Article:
Ehlers-Danlos Syndrome - Type 3
2. What has this illness taken away from you?
Trust in certain other people. Freedom and mobility.
3. What are 3 positive things this illness has brought you?
At the moment, I can’t think of anything. I have a lot of positive things in my life, but none of them can really be attributed to this disorder. I refuse to give that Ehlers-Danlos bitch credit for the good things I’ve accomplished, and the good people that I know.
4. Did you have to change any goals you had because of this illness? Are you happy with those changes?
I had to forget about losing weight. I will never be athletic. I might not be able to have children. I’m not happy about it. I can live with it, but I’m not going to say that I’m happy and content.
5. What is your favorite quote?
"If we find ourselves with a desire that nothing in this world can satisfy, the most probably explanation is that we were made for another world." -C.S. Lewis
6. What things do you do when you are not feeling well to help keep your mind off of the pain?
Reading, sleeping, watching tv, playing with hamsters, knitting (when I can).
7. Are you in remission?
No. Never will be. Some days are better than others, but it’s always there.
8. Do you have a good support system to help you through?
I can’t say that I do. My husband is supportive and helpful, as much as he can be. My family still doesn’t believe that there’s anything wrong with me. They mostly think that I’m just fat and lazy and should stop complaining so much. I’ve got a few sympathetic friends. But I’m the one who has to deal with the pain every day.
9. How do others react when they hear what your diagnosis is? Do they know about your illness?
Most people are confused and sceptical. Like, they don’t think it is that big of a deal, like I’m just making excuses for being fat and out of shape.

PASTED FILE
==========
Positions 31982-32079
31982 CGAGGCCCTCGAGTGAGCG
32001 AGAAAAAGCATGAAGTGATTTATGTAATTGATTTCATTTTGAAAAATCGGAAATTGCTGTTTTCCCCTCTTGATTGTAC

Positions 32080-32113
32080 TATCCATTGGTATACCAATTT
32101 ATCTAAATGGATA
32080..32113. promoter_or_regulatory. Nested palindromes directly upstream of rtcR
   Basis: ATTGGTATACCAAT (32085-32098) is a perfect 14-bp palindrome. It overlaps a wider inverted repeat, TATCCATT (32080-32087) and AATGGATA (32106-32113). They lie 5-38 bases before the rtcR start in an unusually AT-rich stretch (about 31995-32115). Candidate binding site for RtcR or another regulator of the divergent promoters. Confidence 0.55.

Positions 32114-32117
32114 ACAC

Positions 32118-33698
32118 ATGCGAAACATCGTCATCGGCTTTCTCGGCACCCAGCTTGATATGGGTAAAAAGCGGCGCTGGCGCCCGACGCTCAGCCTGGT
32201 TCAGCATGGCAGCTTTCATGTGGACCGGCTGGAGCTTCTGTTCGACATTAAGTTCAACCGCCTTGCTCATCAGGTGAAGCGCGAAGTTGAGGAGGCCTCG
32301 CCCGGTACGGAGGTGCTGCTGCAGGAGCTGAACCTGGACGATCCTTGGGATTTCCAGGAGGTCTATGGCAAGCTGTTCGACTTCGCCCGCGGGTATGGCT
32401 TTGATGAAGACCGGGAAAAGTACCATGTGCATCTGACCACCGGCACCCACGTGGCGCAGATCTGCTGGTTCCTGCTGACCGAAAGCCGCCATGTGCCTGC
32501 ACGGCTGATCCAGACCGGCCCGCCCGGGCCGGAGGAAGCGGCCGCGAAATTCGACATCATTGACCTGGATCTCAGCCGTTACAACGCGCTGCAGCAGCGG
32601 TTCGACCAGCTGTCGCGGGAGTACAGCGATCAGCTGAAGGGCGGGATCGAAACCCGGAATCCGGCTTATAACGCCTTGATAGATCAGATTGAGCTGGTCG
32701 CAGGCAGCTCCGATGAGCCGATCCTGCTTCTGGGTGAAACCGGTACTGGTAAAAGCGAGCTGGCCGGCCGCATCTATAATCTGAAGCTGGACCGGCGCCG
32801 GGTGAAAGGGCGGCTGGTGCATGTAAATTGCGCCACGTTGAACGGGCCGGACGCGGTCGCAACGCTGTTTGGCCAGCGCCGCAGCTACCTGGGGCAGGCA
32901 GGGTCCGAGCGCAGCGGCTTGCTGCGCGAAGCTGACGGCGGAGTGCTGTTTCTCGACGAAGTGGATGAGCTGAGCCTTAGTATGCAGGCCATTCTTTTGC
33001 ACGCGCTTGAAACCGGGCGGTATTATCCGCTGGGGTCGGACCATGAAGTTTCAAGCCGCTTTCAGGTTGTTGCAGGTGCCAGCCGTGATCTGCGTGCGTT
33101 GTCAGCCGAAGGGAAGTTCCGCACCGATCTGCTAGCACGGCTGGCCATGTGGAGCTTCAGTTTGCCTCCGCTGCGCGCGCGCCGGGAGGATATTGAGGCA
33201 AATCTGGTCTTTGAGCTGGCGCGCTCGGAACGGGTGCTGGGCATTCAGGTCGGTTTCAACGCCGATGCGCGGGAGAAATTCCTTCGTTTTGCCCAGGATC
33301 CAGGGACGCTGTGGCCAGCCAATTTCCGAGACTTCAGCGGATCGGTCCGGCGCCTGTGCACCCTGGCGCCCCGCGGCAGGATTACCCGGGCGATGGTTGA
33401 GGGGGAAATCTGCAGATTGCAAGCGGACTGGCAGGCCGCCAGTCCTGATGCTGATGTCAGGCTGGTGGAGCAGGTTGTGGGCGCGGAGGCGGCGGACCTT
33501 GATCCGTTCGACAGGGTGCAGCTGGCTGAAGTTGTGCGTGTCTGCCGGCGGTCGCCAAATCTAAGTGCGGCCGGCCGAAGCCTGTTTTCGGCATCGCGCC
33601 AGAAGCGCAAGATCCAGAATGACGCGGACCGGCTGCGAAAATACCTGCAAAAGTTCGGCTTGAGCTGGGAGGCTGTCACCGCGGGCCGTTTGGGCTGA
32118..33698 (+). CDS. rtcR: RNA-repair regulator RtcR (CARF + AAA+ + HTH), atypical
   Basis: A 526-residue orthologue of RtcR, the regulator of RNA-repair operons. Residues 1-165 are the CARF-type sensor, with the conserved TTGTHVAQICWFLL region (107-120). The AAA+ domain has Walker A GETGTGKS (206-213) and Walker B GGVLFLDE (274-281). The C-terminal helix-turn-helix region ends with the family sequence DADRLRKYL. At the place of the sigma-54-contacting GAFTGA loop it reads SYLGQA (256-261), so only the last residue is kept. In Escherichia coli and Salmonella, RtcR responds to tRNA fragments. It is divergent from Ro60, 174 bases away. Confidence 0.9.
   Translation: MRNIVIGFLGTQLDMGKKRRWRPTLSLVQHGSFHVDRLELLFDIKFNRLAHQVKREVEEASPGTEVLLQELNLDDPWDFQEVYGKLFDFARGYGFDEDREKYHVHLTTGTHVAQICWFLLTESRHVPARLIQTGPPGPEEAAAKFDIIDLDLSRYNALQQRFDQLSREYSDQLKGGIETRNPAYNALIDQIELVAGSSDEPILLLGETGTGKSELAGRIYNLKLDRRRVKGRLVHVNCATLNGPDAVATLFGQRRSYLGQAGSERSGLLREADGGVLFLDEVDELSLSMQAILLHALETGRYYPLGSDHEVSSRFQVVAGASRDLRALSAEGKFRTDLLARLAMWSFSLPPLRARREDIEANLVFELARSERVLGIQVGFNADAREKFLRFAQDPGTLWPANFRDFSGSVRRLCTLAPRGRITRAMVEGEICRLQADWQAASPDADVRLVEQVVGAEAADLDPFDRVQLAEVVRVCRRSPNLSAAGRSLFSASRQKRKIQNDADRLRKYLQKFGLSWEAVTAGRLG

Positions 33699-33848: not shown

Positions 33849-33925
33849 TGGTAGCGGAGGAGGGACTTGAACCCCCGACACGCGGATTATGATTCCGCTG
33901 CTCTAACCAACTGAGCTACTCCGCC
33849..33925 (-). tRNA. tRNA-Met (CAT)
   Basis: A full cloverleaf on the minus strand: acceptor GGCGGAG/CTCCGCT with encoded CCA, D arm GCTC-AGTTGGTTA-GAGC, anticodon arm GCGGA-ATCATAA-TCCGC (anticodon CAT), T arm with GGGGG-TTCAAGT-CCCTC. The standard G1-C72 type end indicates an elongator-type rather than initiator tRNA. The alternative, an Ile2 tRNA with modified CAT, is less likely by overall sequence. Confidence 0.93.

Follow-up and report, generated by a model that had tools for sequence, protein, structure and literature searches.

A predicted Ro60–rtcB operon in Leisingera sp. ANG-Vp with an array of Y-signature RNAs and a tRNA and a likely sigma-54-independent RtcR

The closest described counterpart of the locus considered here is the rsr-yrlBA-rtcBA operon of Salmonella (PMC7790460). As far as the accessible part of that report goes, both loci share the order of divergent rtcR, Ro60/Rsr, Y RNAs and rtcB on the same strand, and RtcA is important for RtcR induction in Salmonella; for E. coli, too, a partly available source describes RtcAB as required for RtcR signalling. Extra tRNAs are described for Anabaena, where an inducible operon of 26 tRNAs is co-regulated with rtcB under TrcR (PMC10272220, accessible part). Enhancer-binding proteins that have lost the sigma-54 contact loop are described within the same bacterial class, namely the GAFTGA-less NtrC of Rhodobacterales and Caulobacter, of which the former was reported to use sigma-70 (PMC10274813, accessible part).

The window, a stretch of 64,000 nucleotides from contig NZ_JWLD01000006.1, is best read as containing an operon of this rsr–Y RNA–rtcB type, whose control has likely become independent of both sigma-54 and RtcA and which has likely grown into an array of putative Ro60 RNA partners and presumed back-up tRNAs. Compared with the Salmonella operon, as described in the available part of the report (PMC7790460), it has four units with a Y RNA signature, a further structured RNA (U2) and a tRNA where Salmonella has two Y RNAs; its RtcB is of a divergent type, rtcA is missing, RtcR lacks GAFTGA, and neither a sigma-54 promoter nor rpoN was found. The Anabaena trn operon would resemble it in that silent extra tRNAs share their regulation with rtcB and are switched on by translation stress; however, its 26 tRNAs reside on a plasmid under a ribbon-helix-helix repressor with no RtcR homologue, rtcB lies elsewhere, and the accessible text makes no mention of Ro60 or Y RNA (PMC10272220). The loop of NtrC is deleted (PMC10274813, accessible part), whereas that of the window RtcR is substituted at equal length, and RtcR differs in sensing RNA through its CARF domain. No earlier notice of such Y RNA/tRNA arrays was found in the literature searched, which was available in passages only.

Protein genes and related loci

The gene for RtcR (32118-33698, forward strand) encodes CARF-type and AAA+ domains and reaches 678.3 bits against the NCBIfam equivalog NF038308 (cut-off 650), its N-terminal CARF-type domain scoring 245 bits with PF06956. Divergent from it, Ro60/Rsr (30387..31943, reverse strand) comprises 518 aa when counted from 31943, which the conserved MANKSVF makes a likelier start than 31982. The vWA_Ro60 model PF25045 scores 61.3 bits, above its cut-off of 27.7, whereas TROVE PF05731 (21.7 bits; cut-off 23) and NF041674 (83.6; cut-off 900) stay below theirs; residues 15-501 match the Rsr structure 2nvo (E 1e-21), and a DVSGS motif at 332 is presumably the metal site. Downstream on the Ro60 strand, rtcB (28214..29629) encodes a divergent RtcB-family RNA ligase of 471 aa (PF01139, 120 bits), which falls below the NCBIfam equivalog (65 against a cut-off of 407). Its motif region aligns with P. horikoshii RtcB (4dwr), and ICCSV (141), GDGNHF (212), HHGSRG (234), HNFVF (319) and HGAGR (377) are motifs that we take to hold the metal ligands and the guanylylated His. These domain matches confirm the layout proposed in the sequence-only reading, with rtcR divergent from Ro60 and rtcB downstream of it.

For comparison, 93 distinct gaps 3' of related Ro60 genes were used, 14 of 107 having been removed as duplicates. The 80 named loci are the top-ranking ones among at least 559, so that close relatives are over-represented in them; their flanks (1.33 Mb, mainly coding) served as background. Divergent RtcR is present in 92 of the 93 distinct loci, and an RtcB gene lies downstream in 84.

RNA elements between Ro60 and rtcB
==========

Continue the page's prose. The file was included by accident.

10. Have you ever been judged by your illness?
I first started having symptoms when I was about 8 years old. I had pain in my ankles and knees. My third grade teacher, Mrs. Anderson, told my parents that I was a hypochondriac. My parents believed her. When my knees subluxed on a daily basis, my parents didn’t take me to a doctor. When I was 12 years old and running caused crippling back spasms, they didn’t believe me. (What healthy 12-year-old has back problems?!?) The stretch marks caused by the skin problems related to the illness were written off as caused by my being fat. I got terrible grades in gym class because it hurt to walk or run. But because my parents were told that I was faking, I never got any help. And even now, most people look at me and assume that I walk slow because I’m fat. They never consider that maybe I’m fat because I can’t walk very well.
11. Have you ever been told, “But, you don’t look sick”?
Only all of the time by everyone.
12. What is your favorite song to listen to in order to get you in a better mood?
"Don’t Wait For Tom" by Over the Rhine, or if I’m in a really bad mood, "One Girl Revolution" by SuperChick
13. Do you have something special that you carry around to help you reflect and get you through tough times?
14. What is your “comfort food”?
15. Imagine there was a cure for your illness, what is the first thing you would do/say?
I think I’d say, “Where do I sign up?”
16. If you had an entire day with NO pain, what would you do?
Just one day? I’d probably go to the zoo or something like that and spend all day standing and walking, even up the hills. It’s amazing how much I miss being able to do things like that.
17. Do you think making jokes/laughing about your illness has helped cope with it at times?
Yeah. I refer to myself as a “floppy-joined mutant.”
18. What are some things you do for fun?
Knitting, writing, video games, playing with hamsters.
19. Since being diagnosed, have you done anything for the cause (walks, etc.)?
Walks? That’s kind of funny. If I walk more than a few blocks, all the tiny bones in my feet dislocate and I end up in crippling pain, barely able to stand. So, no, I have done no walks.